Looking into the smoke: Rapid response for immigrants during the California fires

On Wednesday morning, October 30, 2019, Blue Heart was able to connect with Christy Lubin 6 days after the Kincade fires first started ravaging Northern California. Christy had just evacuated to her mom’s house in Berkeley, from her house in Sebastopol where there was no power and no service. Christy helped draw out how fires are so much more than what you see on the news, with broad and tenacious implications for immigrants and low-wage workers. As the Director of the Graton Day Labor Center and co-founder of UndocuFund, she sheds light on the immigrant communities’ response to and needs in the midst of the climate crisis.

Lindley Mease (Blue Heart): Thank you so much for taking a call in the midst of the response to the Kincade fires. To start off, can you share the origin story of UndocuFund and what it looks like on the ground now?

Christy Lubin: So the UndocuFund is a partnership between three organizing organizations, the North Bay Organizing Project, the Graton Day Labor center, and North Bay Jobs with Justice. The North Bay Organizing Project started at the Graton Day Labor Center, and we’re a founding member of North Bay Jobs with Justice. So we share a common goal to build power for people — all of us in Sonoma County. Specifically, we work to build power among workers: lifting labor standards, wages, and labor rights. We founded UndocuFund because we saw the great need two years ago when people were not going to the shelters, were not eligible for FEMA, or were too afraid to apply to FEMA because it falls under the Department for Homeland Security. We pulled off this miraculous feat, in the period of about 6 months, $6.5 million which we granted out to 2,000 families.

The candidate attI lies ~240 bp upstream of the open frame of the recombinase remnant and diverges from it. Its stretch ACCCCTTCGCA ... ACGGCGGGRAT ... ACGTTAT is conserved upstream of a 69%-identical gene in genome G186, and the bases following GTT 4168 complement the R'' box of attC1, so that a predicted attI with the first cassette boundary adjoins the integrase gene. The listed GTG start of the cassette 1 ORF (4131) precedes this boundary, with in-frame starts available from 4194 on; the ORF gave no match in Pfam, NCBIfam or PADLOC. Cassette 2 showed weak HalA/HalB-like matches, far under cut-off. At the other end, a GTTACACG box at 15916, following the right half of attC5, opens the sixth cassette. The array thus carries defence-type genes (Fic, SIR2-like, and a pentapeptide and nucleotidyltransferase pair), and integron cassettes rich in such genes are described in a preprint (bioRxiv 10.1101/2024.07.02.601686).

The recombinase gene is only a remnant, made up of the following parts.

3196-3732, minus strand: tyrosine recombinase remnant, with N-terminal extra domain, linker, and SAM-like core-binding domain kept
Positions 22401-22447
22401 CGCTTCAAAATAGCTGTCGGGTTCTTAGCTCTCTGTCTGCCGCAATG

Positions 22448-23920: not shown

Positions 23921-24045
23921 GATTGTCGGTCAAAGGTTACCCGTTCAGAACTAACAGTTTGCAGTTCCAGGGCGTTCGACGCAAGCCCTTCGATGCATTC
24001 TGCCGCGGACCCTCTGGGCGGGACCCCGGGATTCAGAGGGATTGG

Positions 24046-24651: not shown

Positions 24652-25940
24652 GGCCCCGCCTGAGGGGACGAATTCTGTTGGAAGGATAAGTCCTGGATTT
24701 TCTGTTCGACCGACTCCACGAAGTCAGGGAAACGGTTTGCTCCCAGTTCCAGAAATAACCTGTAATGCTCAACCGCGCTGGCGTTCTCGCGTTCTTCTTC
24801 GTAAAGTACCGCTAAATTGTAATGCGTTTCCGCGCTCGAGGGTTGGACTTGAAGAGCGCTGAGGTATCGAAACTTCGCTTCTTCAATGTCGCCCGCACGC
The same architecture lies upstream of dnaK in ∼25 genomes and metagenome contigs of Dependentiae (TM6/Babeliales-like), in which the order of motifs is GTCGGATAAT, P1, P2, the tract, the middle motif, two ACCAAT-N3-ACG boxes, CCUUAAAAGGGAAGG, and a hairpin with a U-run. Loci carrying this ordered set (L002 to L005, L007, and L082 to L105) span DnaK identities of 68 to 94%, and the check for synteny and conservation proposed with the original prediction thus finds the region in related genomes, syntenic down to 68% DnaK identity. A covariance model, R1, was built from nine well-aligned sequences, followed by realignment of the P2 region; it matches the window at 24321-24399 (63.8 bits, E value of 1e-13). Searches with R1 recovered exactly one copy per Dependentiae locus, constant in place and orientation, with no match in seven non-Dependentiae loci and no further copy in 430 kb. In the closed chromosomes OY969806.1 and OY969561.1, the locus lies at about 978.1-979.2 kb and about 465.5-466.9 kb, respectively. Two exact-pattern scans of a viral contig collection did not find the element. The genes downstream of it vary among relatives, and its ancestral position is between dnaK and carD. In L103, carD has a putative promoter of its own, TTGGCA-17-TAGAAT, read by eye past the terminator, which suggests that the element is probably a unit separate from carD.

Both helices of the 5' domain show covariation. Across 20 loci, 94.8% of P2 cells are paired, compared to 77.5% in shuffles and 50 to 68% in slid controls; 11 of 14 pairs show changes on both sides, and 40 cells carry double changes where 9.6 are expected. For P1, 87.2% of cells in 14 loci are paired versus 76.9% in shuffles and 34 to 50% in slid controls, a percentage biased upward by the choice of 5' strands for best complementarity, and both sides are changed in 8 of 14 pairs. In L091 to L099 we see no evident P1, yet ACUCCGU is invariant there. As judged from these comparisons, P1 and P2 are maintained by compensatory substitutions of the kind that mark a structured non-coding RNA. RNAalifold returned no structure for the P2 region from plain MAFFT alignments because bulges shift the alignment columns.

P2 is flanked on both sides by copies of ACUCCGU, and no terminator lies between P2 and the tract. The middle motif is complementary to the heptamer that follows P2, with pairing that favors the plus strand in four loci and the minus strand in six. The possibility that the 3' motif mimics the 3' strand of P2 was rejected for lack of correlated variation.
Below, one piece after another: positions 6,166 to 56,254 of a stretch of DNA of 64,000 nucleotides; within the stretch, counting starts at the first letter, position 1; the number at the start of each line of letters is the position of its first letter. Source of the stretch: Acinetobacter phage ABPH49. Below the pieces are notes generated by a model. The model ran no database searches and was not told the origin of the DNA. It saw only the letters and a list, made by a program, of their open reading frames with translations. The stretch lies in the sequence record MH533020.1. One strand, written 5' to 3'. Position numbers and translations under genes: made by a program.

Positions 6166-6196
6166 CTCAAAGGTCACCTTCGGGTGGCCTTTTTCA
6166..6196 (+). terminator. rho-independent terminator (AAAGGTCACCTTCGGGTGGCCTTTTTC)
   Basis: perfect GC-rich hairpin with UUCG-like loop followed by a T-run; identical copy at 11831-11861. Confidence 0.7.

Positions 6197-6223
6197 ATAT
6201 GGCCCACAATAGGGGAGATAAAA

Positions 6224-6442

We still haven’t figured out exactly what the need is going to be with the Kincade fires. If you watch the news you’ll see that a lot of what is burning are the 2–3-car garage type homes and wineries. But we know for every house or every winery where are gardeners and maids and farm workers. Hopefully we’re not going to see mass loss of housing but we do know people are incurring big expenses. Even more, poor people are stuck in shelters, eating whatever is being fed there. Those of us that have friends with homes, who have money to spend on meals out in Petaluma, are spared that. I have a salary that will get paid whether or not I’m at work this week. But most people are hourly workers. Unless you have a very open-minded, generous, compassionate employer, you’re not going to get paid. That can set you back a lot. You might not be able to pay rent on November 1st, you might not make your car payment or your cell phone payment, or be able to pay for your medication. Many of them don’t even have bank accounts. UndocuFund’s role is addressing the longer term need that people will have as they rebuild: lost pay, lost food, lost possessions.

About a year ago we pulled together about 60 families that we helped in the first fire and engaged them in a series of listening circles, led by immigrant leaders. We wanted to know people were at, and hear where we should take UndocuFund. Housing emerged as the biggest issue. Work and wages were also important, and then of course immigration and immigration enforcement. So organizing into the future, Jobs with Justice just got a big win in getting the minimum wage raised to $15/hr. It received a unanimous vote in Santa Rosa, which is just amazing and going to be huge for workers. A recent report called The State of Working Sonoma said that the people who are going to benefit most from an increase in wages are women 30 and up, and primarily women of color. So we are really excited about that.

So we’re really expanding the power of working people and poor people and immigrants. And working across all of these struggles that intersect in Sonoma County.

Lindley: The groups behind UndocuFund have been organizing in Sonoma for many years and are working across issues and peoples, understanding that fires aren’t just about response, but about long-term power-building. Can you share what resilience means to you all?